In 1958, Whitey Ford led the American League with a 2.01 ERA, winning 14, losing seven, and pitching 219 and one-third innings.
Mickey Mantle batted .304 with an American League-leading 42 home runs.
Yankees general manager George Weiss wanted to cut Ford's salary by $8,000 and Mantle's by $5,000 for the 1959 season.
Whitey Ford Had to Be a "Good Boy."
When Ford and Mantle reported for spring training, the Yankees offered to eliminate Whitey's pay cut and give him the same $35,000 salary that he had received in 1957, but with a catch. The contract imposed certain conditions.
Ford had to promise the Yankees that he would be a "good boy." He had to obey all of the club's rules, not miss any trains or planes, and, as Casey Stengel phrased it, be able to tell midnight from noon.
Whitey Ford's Healthy Diet
Ford's immediate reaction was to refuse to sign the contract, but since he had only two choices—play for the Yankees or don't play—he decided to sign and go along with the conditions.
To sweeten the pot, his salary was increased to $37,000, and the Yankees explained that the conditions the club wanted to impose did not really involve his being a "good boy," but rather required that he observe specific dietary restrictions in order to control his high uric acid condition.
Ford would not be able to have fried foods, beef, pork, and above all, alcohol.
The Real Issue
Yankees general manager George Weiss made certain to emphasize that Ford's behavior was not the issue.
It was the fact that Whitey had missed too many starts the last two seasons due to arm problems that had been traced to his uric acid levels, which is a form of gout.
In 1958, Ford had started 29 games, completed 15, and worked almost 220 innings.
Mickey Mantle, whose 1957 salary was $75,000, was offered a similar deal. He would make the same salary as last year, but he too had to be a "good boy."
On Feb. 28, 1959 it was announced that Mickey had signed a $78,000 contract with no behavior conditions.
In 1956, Mickey had won baseball's Triple Crown, leading the majors in batting average, home runs, and RBI. In 1957, an injury-plagued season, Mickey batted .365, hit 34 home runs, and batted in 94 runs. Mickey's 1958 had not been as good.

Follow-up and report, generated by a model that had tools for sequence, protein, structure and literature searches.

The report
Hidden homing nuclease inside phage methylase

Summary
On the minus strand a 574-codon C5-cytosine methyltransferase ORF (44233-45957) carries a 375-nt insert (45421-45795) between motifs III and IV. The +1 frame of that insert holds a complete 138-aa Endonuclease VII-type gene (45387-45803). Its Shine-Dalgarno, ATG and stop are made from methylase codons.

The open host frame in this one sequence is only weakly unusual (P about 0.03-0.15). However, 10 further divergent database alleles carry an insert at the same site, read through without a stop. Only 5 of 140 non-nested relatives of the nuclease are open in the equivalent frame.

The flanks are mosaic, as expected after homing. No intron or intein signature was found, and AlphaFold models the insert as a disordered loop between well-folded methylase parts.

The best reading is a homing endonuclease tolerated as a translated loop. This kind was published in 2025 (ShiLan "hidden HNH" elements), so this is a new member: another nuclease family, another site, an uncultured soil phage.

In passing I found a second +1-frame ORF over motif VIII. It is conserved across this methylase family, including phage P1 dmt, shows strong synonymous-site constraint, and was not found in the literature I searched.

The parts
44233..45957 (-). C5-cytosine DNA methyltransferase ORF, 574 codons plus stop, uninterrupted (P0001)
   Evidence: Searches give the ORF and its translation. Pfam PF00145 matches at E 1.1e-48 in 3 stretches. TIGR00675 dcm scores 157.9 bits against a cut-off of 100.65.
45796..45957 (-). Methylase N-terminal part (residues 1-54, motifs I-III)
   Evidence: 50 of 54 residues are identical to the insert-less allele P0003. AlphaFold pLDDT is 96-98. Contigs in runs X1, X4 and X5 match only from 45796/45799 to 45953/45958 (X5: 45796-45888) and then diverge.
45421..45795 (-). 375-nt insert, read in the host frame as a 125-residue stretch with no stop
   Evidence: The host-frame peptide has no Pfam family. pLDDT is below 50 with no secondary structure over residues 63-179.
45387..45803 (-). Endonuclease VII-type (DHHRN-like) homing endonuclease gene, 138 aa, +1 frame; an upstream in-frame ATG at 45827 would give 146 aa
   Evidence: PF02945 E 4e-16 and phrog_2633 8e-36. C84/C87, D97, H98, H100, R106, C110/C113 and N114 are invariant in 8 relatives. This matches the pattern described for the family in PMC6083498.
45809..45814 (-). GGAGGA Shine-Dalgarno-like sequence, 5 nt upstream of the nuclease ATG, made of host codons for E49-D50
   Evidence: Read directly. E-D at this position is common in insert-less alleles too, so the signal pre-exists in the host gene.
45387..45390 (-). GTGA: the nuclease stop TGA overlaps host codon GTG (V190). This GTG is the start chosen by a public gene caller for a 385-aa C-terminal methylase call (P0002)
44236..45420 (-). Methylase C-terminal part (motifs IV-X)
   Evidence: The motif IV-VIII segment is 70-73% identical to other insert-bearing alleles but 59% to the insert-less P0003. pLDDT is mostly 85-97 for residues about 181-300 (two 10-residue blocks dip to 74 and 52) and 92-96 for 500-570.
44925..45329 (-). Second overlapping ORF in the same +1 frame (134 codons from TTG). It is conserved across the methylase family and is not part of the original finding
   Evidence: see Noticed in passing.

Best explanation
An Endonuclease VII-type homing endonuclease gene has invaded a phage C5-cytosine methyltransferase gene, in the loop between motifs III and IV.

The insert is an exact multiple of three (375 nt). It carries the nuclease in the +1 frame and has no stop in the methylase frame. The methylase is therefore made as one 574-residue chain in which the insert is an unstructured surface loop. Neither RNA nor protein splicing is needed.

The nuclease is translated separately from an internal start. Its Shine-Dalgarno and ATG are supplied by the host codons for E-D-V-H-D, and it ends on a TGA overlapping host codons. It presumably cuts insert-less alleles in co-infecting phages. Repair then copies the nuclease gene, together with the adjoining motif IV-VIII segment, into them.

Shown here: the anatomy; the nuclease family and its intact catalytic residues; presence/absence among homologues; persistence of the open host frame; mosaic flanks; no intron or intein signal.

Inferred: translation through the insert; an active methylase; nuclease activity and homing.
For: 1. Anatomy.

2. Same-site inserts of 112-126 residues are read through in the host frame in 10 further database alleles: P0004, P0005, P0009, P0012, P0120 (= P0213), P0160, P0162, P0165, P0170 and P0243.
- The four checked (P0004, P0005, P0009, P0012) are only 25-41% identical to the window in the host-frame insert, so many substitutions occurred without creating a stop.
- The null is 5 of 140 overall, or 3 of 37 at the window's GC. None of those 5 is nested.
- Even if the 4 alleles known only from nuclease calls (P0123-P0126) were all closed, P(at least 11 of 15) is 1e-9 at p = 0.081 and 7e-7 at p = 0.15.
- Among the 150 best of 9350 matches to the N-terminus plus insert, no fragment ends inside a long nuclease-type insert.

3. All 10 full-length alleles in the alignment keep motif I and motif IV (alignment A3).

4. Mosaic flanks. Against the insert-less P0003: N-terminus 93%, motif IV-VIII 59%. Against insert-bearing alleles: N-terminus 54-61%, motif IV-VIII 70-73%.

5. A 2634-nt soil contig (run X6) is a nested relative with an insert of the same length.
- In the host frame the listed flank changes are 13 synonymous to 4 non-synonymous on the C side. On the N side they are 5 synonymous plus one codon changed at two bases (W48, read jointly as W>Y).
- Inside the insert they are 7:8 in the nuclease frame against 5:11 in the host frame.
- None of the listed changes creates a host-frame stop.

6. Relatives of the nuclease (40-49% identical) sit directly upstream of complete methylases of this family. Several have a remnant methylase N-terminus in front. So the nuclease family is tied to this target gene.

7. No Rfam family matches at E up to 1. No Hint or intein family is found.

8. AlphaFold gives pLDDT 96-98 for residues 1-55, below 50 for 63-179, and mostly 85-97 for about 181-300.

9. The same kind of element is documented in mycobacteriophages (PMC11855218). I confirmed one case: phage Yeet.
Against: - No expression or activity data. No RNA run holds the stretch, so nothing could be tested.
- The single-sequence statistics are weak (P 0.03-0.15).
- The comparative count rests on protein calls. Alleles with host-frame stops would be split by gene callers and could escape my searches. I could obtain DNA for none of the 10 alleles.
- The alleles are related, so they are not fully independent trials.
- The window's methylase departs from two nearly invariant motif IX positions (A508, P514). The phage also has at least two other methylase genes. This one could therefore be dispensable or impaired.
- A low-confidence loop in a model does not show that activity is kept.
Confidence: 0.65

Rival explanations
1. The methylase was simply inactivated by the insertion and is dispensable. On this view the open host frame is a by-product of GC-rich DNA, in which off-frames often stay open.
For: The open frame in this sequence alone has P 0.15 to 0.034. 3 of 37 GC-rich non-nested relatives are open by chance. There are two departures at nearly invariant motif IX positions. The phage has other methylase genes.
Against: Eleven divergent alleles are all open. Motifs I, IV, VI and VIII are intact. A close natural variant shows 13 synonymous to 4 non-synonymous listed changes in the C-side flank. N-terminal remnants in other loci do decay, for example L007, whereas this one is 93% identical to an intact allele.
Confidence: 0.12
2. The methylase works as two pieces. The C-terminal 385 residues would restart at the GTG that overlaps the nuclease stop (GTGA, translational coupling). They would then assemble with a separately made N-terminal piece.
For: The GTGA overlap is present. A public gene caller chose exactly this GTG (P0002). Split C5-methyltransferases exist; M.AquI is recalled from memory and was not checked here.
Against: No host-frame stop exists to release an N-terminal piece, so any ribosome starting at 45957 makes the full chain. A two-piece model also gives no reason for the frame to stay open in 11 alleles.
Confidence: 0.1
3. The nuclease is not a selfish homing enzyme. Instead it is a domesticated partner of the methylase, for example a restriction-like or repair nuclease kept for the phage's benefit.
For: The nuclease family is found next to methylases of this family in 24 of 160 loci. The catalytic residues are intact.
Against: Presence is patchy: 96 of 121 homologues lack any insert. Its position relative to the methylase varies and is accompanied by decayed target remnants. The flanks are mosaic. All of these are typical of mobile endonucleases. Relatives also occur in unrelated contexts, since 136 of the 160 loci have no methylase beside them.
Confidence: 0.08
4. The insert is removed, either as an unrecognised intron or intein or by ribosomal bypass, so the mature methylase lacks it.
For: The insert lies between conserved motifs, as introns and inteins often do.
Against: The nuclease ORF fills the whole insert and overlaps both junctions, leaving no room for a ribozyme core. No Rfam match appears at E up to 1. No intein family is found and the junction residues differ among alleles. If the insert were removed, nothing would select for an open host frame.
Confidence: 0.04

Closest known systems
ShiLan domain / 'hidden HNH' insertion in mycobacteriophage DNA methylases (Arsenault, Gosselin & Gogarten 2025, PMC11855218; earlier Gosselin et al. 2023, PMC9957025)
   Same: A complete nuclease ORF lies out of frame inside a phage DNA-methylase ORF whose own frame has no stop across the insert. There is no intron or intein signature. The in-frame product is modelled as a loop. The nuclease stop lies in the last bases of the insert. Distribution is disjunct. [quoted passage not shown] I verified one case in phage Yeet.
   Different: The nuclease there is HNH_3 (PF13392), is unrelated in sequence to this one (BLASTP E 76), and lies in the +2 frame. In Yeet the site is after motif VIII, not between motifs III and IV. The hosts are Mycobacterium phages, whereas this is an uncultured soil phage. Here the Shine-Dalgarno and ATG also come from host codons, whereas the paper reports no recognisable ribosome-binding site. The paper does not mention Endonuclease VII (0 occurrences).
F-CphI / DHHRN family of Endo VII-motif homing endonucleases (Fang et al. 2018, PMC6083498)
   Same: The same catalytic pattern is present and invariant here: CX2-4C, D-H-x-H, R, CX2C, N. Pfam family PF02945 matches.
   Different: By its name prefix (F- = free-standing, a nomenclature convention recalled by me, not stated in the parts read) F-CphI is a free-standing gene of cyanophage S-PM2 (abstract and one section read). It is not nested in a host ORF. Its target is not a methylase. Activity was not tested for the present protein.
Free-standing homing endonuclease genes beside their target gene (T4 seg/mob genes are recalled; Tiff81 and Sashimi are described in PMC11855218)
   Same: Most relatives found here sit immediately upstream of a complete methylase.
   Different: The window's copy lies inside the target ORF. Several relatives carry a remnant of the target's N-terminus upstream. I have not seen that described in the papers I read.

Mantle said that he had four goals for 1959.
He wanted to play the full schedule of 154 games without an injury, hit about 50 home runs, drive in 100 runs, and bat about .330.
Mantle said, "I realize that I had a poor season last year (1958), but I attribute that to the trouble I had in my right shoulder throughout the first half." (Red Schoendienst fell on Mickey's right shoulder in the World Series). That is unbelievable.
Mantle hit 42 home runs, had 97 RBI, and hit .304 with a .443 on-base average and a .592 slugging average—and he thought it was a bad year.
Mickey Mantle had an outstanding season in 1958. The fact that it wasn't as great as his previous two seasons only emphasizes how exceptional those seasons were.
If one measured Mickey's 1958 to players today, 1958 has become a "bad" season.
Since the turn of the century, a player has hit 73 home runs in a season, Ryan Howard hit 58 home runs, breaking Hack Wilson's old National League record of 56 that had stood until Mark McGwire came along, and Alex Rodriguez continues to hit about 40 home runs almost every season.
It makes one's mind boggle to think of what Mantle would have done under today's playing conditions.
Drebinger, John. "Ford of Yankees Invokes the Fifth; Despite Rise, Hurler Bars Pact in Fear of Recrimination." The New York Times. 20 February 1959, p.32.
Drebinger, John. "Ford Signs Yankees' Contract Containing Health Provisions; Pitcher Must Watch Diet During Season. The New York Times. 23 February 1959, p.30.
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